nickSaverine

Nick Saverine

Dramatic Arts

Nick Saverine moved from the East Coast to Wichita in 1980, unsure he had a future in show business.

“I had gone to New York and I found myself working and not able to study to advance my career,” the New Jersey native recalls. After Saverine came to Kansas to perform as part of the Wichita Music Theater’s summer resident program, he made connections that kicked his career into high gear. And he developed a continuing affinity for the Midwest. “I hooked up studying voice at WSU, and stayed in Wichita for several years. I just loved the city.”

In 1986, he applied for and won KCT’s first Elizabeth B. Koch Fellowship Award of $23,600, enabling him to make a crucial move and hit the musical stages of Europe.

Two weeks after he arrived in Berlin, he won a role in the Franz Lehár operetta “Land of Smiles.” He stayed in Europe “on and off ” for 15 years, performing in Berlin, Vienna, Hamburg, Cologne, Munich, Moscow and Warsaw, in such shows as “Cats,” “Les Miserables,” “Phantom of the Opera” and Roman Polanski’s “Dance of the Vampires.”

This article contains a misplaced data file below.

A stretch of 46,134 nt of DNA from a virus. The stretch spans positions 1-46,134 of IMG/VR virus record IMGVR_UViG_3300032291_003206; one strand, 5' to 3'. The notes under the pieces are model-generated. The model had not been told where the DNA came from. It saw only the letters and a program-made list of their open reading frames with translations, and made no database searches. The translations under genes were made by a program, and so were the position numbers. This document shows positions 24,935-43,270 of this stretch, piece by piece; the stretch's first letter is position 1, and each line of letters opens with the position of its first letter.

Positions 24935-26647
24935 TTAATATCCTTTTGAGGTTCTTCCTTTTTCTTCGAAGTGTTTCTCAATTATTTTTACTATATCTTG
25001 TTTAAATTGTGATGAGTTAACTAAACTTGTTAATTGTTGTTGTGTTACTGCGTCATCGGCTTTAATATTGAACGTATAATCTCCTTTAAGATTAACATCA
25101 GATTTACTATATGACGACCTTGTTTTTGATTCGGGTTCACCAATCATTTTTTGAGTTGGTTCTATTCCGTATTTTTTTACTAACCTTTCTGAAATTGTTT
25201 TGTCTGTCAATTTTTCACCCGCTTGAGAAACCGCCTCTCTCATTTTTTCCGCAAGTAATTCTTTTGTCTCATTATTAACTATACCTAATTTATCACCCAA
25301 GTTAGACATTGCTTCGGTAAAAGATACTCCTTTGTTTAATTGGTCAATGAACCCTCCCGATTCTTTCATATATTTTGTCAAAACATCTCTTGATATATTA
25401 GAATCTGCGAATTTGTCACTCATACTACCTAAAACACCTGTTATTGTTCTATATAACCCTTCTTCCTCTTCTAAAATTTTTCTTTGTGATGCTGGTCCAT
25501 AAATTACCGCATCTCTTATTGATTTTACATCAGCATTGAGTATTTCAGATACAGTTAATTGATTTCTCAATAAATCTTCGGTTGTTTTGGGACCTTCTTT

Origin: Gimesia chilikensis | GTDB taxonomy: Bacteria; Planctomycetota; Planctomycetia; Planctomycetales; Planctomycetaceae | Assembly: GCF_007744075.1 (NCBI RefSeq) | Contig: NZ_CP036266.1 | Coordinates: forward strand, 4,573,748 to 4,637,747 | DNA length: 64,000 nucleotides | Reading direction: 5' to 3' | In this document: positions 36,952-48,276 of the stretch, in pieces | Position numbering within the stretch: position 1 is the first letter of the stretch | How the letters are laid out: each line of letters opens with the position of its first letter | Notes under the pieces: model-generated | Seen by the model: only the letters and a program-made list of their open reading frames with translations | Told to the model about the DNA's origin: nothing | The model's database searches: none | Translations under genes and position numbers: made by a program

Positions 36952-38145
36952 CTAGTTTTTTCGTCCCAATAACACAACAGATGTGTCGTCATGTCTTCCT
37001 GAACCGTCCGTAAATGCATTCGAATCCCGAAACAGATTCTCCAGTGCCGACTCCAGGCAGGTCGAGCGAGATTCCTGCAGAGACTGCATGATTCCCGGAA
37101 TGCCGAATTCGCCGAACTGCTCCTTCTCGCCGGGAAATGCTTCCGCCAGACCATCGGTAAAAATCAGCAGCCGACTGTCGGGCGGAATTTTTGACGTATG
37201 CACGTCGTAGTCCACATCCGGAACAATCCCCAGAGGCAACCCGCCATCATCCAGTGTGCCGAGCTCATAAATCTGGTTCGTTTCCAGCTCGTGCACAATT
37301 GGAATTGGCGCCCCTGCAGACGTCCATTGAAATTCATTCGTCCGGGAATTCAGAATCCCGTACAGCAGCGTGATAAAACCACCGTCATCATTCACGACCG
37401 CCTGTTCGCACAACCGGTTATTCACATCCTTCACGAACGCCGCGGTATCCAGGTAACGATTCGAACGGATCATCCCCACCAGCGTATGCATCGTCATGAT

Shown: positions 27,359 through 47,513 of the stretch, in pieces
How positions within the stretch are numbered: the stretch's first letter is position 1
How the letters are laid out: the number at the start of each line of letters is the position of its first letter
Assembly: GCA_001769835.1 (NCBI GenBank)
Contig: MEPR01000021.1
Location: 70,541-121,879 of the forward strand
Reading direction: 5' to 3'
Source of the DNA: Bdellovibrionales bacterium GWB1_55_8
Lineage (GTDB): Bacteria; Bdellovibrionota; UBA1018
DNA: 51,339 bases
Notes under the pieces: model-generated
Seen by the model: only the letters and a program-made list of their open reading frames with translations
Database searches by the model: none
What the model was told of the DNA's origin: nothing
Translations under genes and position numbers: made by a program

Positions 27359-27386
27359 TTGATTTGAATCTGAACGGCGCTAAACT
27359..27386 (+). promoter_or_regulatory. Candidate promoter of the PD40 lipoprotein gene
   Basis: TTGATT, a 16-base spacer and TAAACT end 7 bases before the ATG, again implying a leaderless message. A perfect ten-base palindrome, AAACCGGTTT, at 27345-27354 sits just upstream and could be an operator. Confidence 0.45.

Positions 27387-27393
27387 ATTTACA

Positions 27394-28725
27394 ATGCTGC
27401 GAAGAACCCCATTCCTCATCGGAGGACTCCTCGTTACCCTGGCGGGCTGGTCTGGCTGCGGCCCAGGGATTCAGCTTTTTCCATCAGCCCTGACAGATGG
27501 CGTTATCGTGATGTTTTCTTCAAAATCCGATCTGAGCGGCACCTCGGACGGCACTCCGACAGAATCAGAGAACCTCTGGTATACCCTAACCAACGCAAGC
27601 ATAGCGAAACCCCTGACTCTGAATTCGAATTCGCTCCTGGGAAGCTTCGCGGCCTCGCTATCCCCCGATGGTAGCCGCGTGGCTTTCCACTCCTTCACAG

He came back to the States to notable success, appearing on Broadway and in touring productions. He now lives in Philadelphia, where he appeared in “State Fair” this fall.

Through the years, he often felt the need “to get back to Kansas to recharge my batteries.” He is invited back frequently and has appeared on nearly every musical stage in Wichita: the Mosley Street Melodrama, Cabaret Oldtown, Crown Uptown Theatre, Wichita Center for the Arts, Wichita Community Theatre, Opera Kansas and Stage One. He also has directed and designed sets for Music Theatre for Young People. Most recently, he starred as Jean Valjean in Wichita Music Theater’s 2008 production of “Les Miserables.”

“For most of my adult life, Wichita is where I’ve spent the most time,” he says. “Out of all the places I’ve been, Wichita is home. What I am today is a direct result of living here. I wouldn’t be where I am if it weren’t for the support I received in Kansas and from the Koch Cultural Trust.”